Vietnam Heritage, March 2011 -- On top of the Hanoi Post Office, near Hoan Kiem Lake, is a four-faced clock that was given to Hanoi by the Chinese Government and installed in 1978. It strikes at 6 a.m., noon and 6 p.m.
The clock is powered by the electricity grid, except when there is a blackout. It has a 1.35 metre-long hour-hand and a 1.65 metre-long minute-hand. It has eight loudspeakers with a total 240W to broadcast the strikes.
The clock operating room is on the ground floor of the post office. Ms Le Thi Yen, one of the first operators, said there used to be hundreds of other smaller clocks in other rooms of the building and in some public places around the city. They were wired to the big clock and showed the same time. The operating team had to take care of all the clocks and deal with breakdowns. No small clocks are connected to the big one any more, as people can easily obtain their own.
‘In the past, all six operating unit members were women. We had to try to fix all the problems. I even tried to find materials to repair the . . . glass of the big clock,’ Ms Yen said.
Nowadays the operating unit is made up of only two members, as it needs no more.
Mr Kieu Hong Van, who had been working there for ten years, said, ‘We have only adjusted the clock a few times, due to power cuts or when the clock is too “excited” and goes too fast, like it did at the flower festival in late 2010.’ I understand that the latter event occurred after the battery [to take over during blackouts] had just been charged. The four sides of the clock ran very fast. Fortunately, it was in the evening and the operators shut off the lights in the clock. Van said he had been on duty every New Year’s Eve at the post office over the past several years in case there was a problem.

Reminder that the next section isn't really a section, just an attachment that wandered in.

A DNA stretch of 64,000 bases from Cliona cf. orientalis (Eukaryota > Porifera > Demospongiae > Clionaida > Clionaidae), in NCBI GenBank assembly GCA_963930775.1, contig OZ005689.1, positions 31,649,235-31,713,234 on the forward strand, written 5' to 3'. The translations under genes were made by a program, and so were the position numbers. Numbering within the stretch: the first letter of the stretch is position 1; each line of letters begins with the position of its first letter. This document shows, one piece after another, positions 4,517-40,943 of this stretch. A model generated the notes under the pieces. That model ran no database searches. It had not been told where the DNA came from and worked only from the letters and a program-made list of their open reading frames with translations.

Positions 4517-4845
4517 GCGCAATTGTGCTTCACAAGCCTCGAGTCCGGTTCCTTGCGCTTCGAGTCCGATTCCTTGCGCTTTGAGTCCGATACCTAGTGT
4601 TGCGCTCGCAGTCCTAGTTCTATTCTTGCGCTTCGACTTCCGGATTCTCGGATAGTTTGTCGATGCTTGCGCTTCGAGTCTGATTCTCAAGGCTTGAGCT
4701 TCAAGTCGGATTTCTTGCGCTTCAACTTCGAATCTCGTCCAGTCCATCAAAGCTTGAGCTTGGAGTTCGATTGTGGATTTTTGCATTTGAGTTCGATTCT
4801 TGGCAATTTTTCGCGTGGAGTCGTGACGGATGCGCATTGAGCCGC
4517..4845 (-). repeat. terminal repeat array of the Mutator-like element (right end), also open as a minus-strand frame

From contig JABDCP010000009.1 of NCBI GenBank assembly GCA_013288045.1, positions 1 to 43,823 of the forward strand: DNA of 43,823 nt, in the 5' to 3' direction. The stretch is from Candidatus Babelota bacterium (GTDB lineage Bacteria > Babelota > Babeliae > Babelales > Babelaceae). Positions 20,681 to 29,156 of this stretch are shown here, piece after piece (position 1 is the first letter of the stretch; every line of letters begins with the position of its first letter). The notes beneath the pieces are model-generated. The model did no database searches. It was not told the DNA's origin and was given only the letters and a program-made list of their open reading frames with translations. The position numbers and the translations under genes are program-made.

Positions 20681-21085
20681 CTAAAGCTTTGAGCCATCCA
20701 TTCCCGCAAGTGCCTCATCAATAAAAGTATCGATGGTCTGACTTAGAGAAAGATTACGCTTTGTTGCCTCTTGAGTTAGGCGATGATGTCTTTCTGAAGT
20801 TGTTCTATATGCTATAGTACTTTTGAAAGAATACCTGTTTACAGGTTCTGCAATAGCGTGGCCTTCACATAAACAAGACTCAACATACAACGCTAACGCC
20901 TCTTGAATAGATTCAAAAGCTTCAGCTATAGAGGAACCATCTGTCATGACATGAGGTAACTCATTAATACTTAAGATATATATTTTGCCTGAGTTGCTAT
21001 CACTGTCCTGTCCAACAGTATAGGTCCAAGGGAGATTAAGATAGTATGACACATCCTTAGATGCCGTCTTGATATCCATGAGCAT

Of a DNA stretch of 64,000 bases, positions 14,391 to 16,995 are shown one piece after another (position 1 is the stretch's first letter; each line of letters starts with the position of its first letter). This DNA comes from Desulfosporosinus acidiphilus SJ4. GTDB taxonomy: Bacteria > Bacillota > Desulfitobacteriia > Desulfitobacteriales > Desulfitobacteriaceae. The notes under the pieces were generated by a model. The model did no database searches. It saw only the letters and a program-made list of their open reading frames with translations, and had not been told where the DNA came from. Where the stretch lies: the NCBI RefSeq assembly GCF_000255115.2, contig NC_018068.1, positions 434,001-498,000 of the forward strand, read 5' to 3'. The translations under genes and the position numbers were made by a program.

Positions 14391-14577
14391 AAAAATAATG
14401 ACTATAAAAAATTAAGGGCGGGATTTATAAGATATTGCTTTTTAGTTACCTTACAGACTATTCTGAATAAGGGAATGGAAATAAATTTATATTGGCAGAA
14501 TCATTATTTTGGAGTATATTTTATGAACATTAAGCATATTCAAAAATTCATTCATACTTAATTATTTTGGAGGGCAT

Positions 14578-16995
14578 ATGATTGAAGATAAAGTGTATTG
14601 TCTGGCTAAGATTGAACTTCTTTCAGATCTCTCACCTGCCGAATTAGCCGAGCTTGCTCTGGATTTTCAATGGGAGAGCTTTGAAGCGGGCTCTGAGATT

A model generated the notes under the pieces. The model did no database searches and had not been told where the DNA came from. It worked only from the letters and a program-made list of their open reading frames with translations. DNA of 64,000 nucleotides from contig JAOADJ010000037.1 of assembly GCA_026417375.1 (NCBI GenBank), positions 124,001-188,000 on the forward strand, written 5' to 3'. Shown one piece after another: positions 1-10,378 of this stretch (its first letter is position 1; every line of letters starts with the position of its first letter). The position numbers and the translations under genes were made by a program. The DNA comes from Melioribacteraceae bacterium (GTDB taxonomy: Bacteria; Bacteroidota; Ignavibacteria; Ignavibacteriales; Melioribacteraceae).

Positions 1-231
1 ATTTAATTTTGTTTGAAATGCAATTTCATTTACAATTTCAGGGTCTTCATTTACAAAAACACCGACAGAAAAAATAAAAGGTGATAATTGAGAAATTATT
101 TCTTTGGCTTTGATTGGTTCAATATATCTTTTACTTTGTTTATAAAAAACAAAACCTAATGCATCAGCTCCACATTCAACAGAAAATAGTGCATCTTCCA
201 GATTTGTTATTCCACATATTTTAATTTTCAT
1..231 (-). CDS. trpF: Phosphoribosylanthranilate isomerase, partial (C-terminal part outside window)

Ms Yen said, ‘The clock looks simple but there is only one such clock in the world. When it was installed, the expert said there was just one similar one in Beijing. But I went to Beijing and couldn’t find it, so I believe the clock at Hanoi Post Office is the only one. There might be some similar ones at provincial post offices but they used this clock as a model.’
On Tết eve, people go to the lake to celebrate and watch midnight approach on the big clock. the New Year. They look at the clock to watch every minute pass. It has been the same for 32 years. After the first five seconds of the final minute of the old year, the song Ca Ngợi Hồ Chủ Tịch (Sing praise to President Ho) composed by Luu Huu Phuoc is played. Fireworks are set off and Party and State officials read Tết wishes to the people.